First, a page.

The Best Way to 3-D Print Threaded Parts


Criterion uses the latest technology to develop innovative automation solutions that help our customers save time, reduce risk, and improve quality. We’ve found that 3D printing enables us to quickly—and accurately—prototype and test concepts, enabling us to keep projects on schedule and on budget. And we know that many of our customer’s engineering teams are using 3D printing to achieve the same goals.

With that in mind, we thought we’d share the process we followed to determine the best way to achieve a specific goal using 3D printed parts. Read on to learn about our testing methodology, test results, and recommendations for the best method for threading bolts into 3D printed parts. 

The Methods Tested
At Criterion, we’ve been perfecting the 3D printing of prototypes and production parts for more than five years. Recently, we tested methods for threading bolts into our 3D-printed parts. Since there are a few different ways to accomplish this, we printed test parts for each of three methods, with the goal of determining which one would withstand the largest pulling force.

  • Method 1: 3D print a 0.313-20 threaded hole to insert a ¼-20 helical insert, or Heli-Coil
  • Method 2: 3D print a ¼-20 threaded hole into the part
  • Method 3: 3D print a smooth 0.316″ diameter hole for a ¼-20 heat-set insert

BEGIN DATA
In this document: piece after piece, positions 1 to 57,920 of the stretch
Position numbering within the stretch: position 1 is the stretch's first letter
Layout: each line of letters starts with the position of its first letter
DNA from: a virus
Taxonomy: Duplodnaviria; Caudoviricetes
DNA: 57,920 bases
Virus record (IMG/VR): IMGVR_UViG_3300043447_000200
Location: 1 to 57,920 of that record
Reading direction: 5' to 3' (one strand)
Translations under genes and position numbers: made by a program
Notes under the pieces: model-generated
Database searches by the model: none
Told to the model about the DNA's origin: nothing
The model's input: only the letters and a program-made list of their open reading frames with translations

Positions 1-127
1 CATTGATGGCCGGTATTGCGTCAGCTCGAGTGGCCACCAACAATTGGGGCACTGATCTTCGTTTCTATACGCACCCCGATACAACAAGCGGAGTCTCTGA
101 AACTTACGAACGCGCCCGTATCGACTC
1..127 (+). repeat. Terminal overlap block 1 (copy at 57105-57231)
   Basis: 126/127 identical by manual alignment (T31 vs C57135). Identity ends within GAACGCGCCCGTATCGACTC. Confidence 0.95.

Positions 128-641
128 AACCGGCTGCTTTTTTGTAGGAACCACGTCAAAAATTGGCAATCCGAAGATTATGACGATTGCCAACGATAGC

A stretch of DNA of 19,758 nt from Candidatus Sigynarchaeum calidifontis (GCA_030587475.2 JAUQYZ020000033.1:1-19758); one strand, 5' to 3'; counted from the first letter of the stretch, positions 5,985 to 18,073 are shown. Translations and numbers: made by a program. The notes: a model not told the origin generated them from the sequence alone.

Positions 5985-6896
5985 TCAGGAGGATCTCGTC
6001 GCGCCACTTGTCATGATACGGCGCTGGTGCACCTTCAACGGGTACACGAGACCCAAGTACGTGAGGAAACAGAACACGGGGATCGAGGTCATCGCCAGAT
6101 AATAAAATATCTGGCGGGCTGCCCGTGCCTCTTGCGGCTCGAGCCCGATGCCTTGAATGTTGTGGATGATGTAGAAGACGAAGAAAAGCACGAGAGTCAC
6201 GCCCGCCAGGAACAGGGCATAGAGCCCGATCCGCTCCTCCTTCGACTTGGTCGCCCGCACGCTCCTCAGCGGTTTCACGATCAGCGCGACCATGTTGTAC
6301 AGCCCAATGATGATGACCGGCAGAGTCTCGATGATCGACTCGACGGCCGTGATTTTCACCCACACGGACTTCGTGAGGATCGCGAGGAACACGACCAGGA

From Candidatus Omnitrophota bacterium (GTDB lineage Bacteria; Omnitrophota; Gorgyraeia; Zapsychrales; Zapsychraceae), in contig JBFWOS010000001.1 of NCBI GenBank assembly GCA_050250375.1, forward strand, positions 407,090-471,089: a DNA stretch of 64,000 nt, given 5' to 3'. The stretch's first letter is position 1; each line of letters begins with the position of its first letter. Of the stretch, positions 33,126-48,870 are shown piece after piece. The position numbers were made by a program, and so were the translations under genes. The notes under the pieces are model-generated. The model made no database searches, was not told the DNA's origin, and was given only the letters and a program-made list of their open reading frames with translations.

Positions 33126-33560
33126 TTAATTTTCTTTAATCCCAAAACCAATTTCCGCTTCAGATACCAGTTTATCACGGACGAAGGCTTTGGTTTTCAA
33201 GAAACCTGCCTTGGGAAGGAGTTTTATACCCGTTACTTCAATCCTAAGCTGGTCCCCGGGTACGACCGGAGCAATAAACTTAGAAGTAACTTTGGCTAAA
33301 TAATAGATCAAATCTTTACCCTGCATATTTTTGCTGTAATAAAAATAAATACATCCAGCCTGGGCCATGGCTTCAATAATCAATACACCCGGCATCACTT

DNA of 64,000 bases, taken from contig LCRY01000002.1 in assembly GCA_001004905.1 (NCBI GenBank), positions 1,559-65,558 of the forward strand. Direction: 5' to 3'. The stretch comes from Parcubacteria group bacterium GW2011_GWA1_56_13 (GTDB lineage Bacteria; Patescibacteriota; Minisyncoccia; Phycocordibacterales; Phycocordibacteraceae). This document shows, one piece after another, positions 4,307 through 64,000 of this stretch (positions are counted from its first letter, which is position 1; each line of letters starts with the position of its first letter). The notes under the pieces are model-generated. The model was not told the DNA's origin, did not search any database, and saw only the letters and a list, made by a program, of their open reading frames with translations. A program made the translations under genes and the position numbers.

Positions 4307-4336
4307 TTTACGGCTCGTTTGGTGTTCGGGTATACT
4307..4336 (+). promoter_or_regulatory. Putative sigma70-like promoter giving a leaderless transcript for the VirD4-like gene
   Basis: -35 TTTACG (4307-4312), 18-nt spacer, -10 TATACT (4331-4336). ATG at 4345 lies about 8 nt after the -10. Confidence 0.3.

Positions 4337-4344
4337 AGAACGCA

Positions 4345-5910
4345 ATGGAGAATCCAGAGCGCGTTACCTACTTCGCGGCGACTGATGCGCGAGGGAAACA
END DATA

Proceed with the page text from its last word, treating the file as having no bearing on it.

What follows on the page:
All threads for the ¼-20 bolts were ½” long to ensure the same amount of engagement for a fair test. 

Considering Infill and Hole Location
We also wanted to test how other factors would influence the degree of force the 3D printed part could hold, so we varied the infill percentage and whether the hole was printed on the top or the side of the part. To vary these factors, we printed four test parts for each method, using the standard infill percentages (20% and 30%) that we use for prototype and production parts. The infill structure for all parts was “zig-zag,” as defined by our 3D printing slicer. For each factor, we printed one test part with the following characteristics:

  • 20% infill and the hole on top
  • 20% infill and the hole on its side
  • 30% infill with the hole on its top
  • 30% infill with the hole on its side

We started with just one of each unique sample for each variation, since we were testing for general ideas rather than specific values.

The Test
We conducted testing on our manually-operated press, applying a consistent downward force measured by a force gauge. After inserting a standard bolt into a given sample, downward force was applied to pull on the bolt, while the sample was supported on both sides. The force was increased until failure occurred in the sample. 

The Results
The maximum pullout force withstood by the 3D printed parts was 390 lbf, achieved by both the Heli-Coil insert and the 3D printed threads, each with 30% infill and the hole printed on the side of the part. The heat-set insert part with the same characteristics got to 320 lbf.